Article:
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Frequently Asked Questions

Where do the Market Roads originate from?
From 1920 to 1932, some fifty market roads were constructed in Deschutes County.  These roads were named for the property owners whose land the road ran through.  Although some were named for the Legislative Act which generated the financing for these roads, i. e. Reed Market Road, others often just described the acreage of the land the road traversed, i.e. Boyd Acres Road.  The Oregon Market Road Act of 1919 provided funding and directives for the construction of the roads, which would facilitate access to the agricultural resources of Central Oregon.  These roads allowed farmers, ranchers, fishermen and lumber companies to “get their goods to market.”
Where did the Bend Logo come from?
 Bend-signThe Bend Logo, the name BEND in a circle, was created 100 years ago as the signature trademark of the Bend Emblem Club.  The Emblem was the original logo of William D. Cheney’s Bend Park Company, a development endeavor to help further Bend’s growth.  On the night of January 4, 1913, during a party hosted at the home of Bend’s mayor and Bend Bulletin publisher, George Putnam, the Bend Emblem Club was officially created.  In attendance were Clyde McKay and James Overturf, as well as many of Bend’s other prominent citizens.  The Emblem Club members swore an oath to promote and display the logo until a time when the town of Bend reached a population of 100,000.  Visitors and residents can still view remnants of this oath in the windows of many of the historical buildings around town.  The Bend Emblem Club officially disbanded in 1924. The Bend Commercial Club and later the Chamber of Commerce took over recruiting businesses to Bend. However, the group’s legacy lives on with the popularity of the logo and the sense of belonging one receives through its recognition.
Why is the Old Mill called the Old Mill?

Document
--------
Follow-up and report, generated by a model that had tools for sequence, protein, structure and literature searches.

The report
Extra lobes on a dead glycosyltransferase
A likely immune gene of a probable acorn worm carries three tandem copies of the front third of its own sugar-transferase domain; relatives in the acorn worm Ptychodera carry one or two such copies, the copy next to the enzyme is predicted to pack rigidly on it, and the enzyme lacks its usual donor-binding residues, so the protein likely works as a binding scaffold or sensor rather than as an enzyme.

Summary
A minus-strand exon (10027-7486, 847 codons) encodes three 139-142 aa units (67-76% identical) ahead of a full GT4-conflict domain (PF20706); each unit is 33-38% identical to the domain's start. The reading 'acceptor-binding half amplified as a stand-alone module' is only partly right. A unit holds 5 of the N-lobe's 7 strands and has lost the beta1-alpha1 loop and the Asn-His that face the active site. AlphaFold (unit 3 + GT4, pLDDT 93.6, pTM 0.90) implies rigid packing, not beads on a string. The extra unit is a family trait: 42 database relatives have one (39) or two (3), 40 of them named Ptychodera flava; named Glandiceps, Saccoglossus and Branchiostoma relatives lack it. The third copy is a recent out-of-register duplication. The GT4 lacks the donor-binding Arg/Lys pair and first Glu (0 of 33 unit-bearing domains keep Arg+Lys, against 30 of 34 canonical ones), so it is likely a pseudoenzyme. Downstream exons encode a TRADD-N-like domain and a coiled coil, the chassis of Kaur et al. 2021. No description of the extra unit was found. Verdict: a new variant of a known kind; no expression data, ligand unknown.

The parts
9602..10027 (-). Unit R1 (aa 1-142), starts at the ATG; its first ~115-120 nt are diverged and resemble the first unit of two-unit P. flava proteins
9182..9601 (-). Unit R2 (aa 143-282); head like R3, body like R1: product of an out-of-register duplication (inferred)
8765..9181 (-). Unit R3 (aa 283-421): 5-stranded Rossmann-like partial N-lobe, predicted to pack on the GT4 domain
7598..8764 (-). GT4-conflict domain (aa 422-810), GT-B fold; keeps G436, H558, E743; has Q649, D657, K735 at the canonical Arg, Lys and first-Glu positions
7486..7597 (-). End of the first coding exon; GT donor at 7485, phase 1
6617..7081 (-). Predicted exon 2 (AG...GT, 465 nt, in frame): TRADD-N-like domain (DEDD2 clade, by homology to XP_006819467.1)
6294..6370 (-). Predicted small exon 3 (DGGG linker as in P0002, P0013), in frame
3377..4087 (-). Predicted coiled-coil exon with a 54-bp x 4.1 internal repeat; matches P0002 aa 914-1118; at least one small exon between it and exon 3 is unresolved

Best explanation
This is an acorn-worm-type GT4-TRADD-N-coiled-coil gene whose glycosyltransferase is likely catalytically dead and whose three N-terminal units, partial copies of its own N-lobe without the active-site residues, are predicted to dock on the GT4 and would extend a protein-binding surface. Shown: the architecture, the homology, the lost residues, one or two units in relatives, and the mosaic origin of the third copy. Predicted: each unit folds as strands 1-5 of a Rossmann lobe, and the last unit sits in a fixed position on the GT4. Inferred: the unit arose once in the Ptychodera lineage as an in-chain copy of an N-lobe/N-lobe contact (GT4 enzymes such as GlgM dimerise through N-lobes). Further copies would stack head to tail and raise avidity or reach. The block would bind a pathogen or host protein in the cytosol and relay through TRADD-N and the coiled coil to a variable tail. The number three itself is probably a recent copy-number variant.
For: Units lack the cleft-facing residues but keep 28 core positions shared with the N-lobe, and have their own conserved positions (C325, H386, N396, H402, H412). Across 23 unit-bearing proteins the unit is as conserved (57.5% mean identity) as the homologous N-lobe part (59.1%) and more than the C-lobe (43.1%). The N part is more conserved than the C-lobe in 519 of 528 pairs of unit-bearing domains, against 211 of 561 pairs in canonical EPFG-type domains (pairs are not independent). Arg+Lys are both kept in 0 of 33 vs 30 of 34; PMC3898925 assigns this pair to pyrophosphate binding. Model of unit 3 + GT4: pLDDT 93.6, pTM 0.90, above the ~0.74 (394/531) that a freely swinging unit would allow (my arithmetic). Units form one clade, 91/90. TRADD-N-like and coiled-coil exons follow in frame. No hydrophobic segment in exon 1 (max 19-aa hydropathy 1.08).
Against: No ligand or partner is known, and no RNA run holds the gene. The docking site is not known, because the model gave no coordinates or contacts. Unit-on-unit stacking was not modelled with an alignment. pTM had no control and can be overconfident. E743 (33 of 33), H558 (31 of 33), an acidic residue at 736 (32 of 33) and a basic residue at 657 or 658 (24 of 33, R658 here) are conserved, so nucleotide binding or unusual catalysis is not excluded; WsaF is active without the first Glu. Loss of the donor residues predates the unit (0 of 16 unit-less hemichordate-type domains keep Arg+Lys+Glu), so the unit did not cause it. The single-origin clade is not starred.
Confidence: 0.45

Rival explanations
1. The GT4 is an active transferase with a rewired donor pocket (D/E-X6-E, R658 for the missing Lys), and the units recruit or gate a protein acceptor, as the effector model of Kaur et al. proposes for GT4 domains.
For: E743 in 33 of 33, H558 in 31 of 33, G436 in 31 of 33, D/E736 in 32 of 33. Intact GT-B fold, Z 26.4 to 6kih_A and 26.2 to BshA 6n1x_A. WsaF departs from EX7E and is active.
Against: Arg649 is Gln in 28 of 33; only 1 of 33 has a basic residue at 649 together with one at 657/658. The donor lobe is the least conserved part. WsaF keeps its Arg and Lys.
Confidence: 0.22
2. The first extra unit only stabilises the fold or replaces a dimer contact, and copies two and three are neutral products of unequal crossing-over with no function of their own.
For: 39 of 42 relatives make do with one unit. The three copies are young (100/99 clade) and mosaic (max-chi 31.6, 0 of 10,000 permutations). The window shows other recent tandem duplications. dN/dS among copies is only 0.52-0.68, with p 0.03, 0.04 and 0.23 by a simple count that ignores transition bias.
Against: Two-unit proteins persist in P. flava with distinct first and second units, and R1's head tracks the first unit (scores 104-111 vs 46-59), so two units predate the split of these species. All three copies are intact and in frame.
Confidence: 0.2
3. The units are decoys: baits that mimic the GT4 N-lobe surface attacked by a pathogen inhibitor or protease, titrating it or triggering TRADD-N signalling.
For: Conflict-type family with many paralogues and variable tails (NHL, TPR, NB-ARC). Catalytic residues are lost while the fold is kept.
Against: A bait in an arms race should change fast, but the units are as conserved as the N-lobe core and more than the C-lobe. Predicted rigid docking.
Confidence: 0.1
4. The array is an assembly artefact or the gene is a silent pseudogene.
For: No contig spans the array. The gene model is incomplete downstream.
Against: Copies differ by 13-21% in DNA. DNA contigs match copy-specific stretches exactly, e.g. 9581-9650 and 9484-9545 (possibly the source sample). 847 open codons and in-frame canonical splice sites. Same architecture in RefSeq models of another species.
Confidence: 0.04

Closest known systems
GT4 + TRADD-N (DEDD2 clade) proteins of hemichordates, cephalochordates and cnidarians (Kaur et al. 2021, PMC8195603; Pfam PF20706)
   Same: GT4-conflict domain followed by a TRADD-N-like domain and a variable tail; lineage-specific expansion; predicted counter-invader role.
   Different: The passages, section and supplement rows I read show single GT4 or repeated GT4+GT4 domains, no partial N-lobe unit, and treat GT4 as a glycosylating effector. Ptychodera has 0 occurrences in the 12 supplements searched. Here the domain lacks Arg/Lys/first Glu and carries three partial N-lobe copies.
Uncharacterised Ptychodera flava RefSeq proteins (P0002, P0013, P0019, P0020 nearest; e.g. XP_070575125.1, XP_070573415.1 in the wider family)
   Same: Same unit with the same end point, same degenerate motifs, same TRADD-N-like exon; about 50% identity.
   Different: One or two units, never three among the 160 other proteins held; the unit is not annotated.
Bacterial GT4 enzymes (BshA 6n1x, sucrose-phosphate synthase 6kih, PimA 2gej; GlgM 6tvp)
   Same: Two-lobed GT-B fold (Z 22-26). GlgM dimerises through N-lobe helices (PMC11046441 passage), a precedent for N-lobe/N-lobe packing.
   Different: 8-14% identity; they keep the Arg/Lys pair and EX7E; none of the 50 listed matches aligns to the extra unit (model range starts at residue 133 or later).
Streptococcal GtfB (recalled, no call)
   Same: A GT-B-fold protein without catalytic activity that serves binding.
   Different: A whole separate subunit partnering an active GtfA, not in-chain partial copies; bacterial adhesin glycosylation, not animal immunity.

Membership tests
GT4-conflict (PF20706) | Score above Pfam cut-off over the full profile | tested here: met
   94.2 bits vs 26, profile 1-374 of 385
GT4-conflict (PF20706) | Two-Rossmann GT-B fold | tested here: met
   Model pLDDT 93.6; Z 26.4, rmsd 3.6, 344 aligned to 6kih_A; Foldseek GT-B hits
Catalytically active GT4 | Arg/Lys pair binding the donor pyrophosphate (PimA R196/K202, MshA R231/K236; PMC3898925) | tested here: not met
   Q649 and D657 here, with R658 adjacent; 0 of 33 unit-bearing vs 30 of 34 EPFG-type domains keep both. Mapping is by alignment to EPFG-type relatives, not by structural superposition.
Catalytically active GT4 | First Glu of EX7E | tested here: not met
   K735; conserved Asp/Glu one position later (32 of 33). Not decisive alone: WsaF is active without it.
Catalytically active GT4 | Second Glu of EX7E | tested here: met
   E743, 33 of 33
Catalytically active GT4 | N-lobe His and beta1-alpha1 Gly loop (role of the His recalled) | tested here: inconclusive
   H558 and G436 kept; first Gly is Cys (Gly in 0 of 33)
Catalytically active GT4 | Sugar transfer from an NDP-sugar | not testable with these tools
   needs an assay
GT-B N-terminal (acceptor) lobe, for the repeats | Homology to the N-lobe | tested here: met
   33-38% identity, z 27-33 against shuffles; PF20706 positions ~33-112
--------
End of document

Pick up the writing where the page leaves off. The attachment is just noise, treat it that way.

The lumber mills made up a big part of the history of this region and evidence of this industry can still be found among the shops and along the river of the Old Mill District today.  The Old Mill District incorporates the sites of two mill companies, Brooks-Scanlon Company and Shevlin-Hixon Company.  Visit the Les Schwab Amphitheater on the West side of the river and you are standing on the site of Shevlin-Hixon’s Mill.  The mill opened in 1916 and operated into the 1950’s.  Brooks-Scanlon’s Powerhouse B building now is home to REI.  Also beginning operations in 1916, this mill bought Shevlin-Hixon Company in the 1950’s and continued their operations into the 1990’s.  During the early 20th century, both Mills were counted as the largest Yellow Pine producers in the world, producing over 600,000 board feet of lumber a day and employing over 1,500 men and women in both mill and lumber camps.  In 1993, the mill district began redevelopment under the direction of Bill Smith and an initial acquisition of 270 acres of riverfront property.  The original smoke stacks and powerhouse locations, from the Brooks-Scanlon Company, were saved and restored, now presenting a unique backdrop to the Old Mill District.  The first retailers opened for business in 2000.  Today the Old Mill is a popular site for both shopping and recreation in Bend.
Where was the Pilot Butte Inn?